Protesters shut Oakland port
The skyline of Oakland flanks Occupy Oakland, Calif., protesters as thousands of people marched to the Port of Oakland, effectively shutting the port down for several hours. AP PhotoDemonstrators on Wednesday shut down operations at the Port of Oakland, one of the largest container ports in the United States, in protests against economic inequality and corporate greed.
Thousands of protesters blocked a major Oakland streets in what they called a general strike against economic conditions and police brutality, but fell short of their stated aim of paralyzing the Northern California city.
Business in Oakland appeared to be largely normal, with most stores and businesses remaining open and workers going to their jobs. The Occupy Oakland movement did succeed in shutting down the container port, which handles some $39 billion a year in imports and exports.
"At this time, maritime operations are effectively shut down at the Port of Oakland. Maritime area operations will resume when it is safe and secure to do so," the port said in a written statement to Reuters.
Protesters gathered at the port gates, stood on top of container trucks stranded in the street and climbed scaffolding as a band played Led Zeppelin's song "Whole Lotta Love" amplified by speakers.
Oakland was catapulted to the forefront of the national anti-Wall Street protest movement after a former Marine was badly wounded during a march and rally last week.
The protesters, who complain about a financial system they believe mainly benefits corporations and the wealthy, had aimed to disrupt Oakland commerce on Wednesday, with a special focus on banks and other symbols of corporate America.
"A lot of the small businesses actually have closed," organizer Cat Brooks said of the strike's effectiveness. "A lot of the food places and other things, we appreciate them staying open (to feed protesters)."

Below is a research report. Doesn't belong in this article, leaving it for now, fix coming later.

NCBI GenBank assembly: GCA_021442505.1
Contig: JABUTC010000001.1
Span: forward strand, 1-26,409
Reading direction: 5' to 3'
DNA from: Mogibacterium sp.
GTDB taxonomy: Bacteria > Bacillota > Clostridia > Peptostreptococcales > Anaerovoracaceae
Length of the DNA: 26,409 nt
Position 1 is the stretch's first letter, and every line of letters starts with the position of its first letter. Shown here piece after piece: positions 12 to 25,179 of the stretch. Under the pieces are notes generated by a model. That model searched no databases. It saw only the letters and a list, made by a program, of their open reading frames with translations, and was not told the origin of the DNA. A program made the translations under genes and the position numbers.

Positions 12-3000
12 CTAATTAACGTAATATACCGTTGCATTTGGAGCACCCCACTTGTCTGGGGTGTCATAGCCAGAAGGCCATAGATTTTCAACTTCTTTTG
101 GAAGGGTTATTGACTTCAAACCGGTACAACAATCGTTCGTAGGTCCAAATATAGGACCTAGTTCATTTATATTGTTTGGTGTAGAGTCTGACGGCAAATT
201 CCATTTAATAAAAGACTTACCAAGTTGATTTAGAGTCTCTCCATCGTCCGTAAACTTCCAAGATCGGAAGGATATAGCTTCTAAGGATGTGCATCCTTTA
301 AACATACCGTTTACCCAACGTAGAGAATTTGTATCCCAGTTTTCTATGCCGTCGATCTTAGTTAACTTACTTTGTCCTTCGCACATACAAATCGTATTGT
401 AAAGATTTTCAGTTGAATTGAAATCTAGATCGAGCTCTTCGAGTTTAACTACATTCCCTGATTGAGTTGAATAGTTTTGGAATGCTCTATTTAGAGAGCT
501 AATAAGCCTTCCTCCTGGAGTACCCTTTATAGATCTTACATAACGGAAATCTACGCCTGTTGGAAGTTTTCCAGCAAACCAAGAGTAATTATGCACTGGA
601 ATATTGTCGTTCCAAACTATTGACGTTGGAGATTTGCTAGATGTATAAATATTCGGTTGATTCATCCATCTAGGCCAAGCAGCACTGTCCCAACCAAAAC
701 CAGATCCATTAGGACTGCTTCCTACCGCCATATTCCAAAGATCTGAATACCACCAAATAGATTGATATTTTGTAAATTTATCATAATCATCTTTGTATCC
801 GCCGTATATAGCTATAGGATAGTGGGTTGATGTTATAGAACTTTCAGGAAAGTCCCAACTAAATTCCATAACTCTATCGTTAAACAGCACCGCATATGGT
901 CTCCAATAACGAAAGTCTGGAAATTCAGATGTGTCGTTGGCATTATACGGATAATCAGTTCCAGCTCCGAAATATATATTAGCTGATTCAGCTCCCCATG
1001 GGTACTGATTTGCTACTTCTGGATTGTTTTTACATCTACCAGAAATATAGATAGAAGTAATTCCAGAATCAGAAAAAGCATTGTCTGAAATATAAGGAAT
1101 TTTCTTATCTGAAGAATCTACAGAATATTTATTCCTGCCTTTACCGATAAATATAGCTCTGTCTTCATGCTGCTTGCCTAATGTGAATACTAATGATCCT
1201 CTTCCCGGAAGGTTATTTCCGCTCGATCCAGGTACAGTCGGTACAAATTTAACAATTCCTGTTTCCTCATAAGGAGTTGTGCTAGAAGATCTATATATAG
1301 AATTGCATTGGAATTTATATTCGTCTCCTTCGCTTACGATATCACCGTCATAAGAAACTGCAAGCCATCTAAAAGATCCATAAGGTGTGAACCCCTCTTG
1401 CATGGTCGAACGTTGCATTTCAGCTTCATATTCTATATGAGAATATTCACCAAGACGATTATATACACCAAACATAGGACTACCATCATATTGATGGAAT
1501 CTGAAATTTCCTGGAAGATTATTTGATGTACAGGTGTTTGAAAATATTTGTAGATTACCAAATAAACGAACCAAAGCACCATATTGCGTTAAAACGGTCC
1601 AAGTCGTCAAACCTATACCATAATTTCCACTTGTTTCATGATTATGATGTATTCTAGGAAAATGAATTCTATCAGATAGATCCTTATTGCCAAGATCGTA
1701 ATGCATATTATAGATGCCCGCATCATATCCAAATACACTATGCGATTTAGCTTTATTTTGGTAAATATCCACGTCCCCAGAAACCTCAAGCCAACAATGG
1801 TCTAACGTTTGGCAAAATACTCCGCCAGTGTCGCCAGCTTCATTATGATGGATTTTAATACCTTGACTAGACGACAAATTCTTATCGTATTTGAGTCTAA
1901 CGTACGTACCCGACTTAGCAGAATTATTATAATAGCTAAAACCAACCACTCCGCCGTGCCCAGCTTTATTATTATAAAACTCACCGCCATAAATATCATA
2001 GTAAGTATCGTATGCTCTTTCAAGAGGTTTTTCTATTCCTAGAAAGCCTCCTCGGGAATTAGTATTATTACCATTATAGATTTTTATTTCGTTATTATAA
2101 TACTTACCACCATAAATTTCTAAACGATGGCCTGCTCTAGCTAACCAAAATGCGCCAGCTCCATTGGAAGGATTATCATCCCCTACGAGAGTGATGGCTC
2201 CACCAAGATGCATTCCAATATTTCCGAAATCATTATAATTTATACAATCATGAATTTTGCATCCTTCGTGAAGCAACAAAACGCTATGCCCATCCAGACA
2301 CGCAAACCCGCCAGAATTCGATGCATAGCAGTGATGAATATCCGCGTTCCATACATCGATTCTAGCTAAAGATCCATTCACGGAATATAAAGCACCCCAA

Unions not in protest
Local labor leaders, while generally sympathetic to the protesters, said their contracts prohibited them from proclaiming an official strike.
Craig Merrilees, a spokesman for the International Longshore and Warehouse Union, said about 40 out of 325 unionized port workers had stayed off the job.
"There was no call for a strike by the union," he said.
Oakland schools and government offices remained open.
The focal point for the demonstration on Wednesday, which drew an estimated 1,000 people, was the intersection where ex-Marine Scott Olsen suffered a serious head injury last week when marchers clashed with police, an incident that galvanized protesters across the country.
Protest organizers say Olsen, 24, an Iraq veteran who was struck by a tear gas canister fired by police, is in an Oakland hospital in fair condition. Acting Oakland Police Chief Howard Jordan has opened an investigation into the incident but has not said how he believes Olsen was wounded.
"We stand in defense of Scott Olsen and in memory of Oscar Grant," Angela Davis, a radical leader prominent in the 1960s and '70s, said at a rally on Wednesday. Grant was shot dead by a policeman on an Oakland train platform in 2009.
In Los Angeles, several hundred protesters marched through downtown in solidarity with their counterparts in Oakland.
In downtown Seattle, about 300 rain-soaked protesters blocked the street outside the Sheraton hotel where Jamie Dimon, CEO of the biggest U.S. bank, JPMorgan Chase & Co, was to speak.
Earlier in the day, five protesters were arrested for trespassing after chaining themselves to fixtures inside a Chase bank branch, the Seattle Police Department said.
In New York, Mayor Michael Bloomberg told Wall Street protesters he would take action if circumstances warranted, saying the encampments and demonstrations were "really hurting small businesses and families."
More than 800 people have been arrested at anti-Wall Street rallies in New York City since protests began in September. (Additional reporting by Dan Whitcomb, Mary Slosson, Emmett Berg, Matthew Ward and Bill Rigby; Writing by Dan Whitcomb; Editing by Jerry Norton, Cynthia Johnston and Anthony Boadle)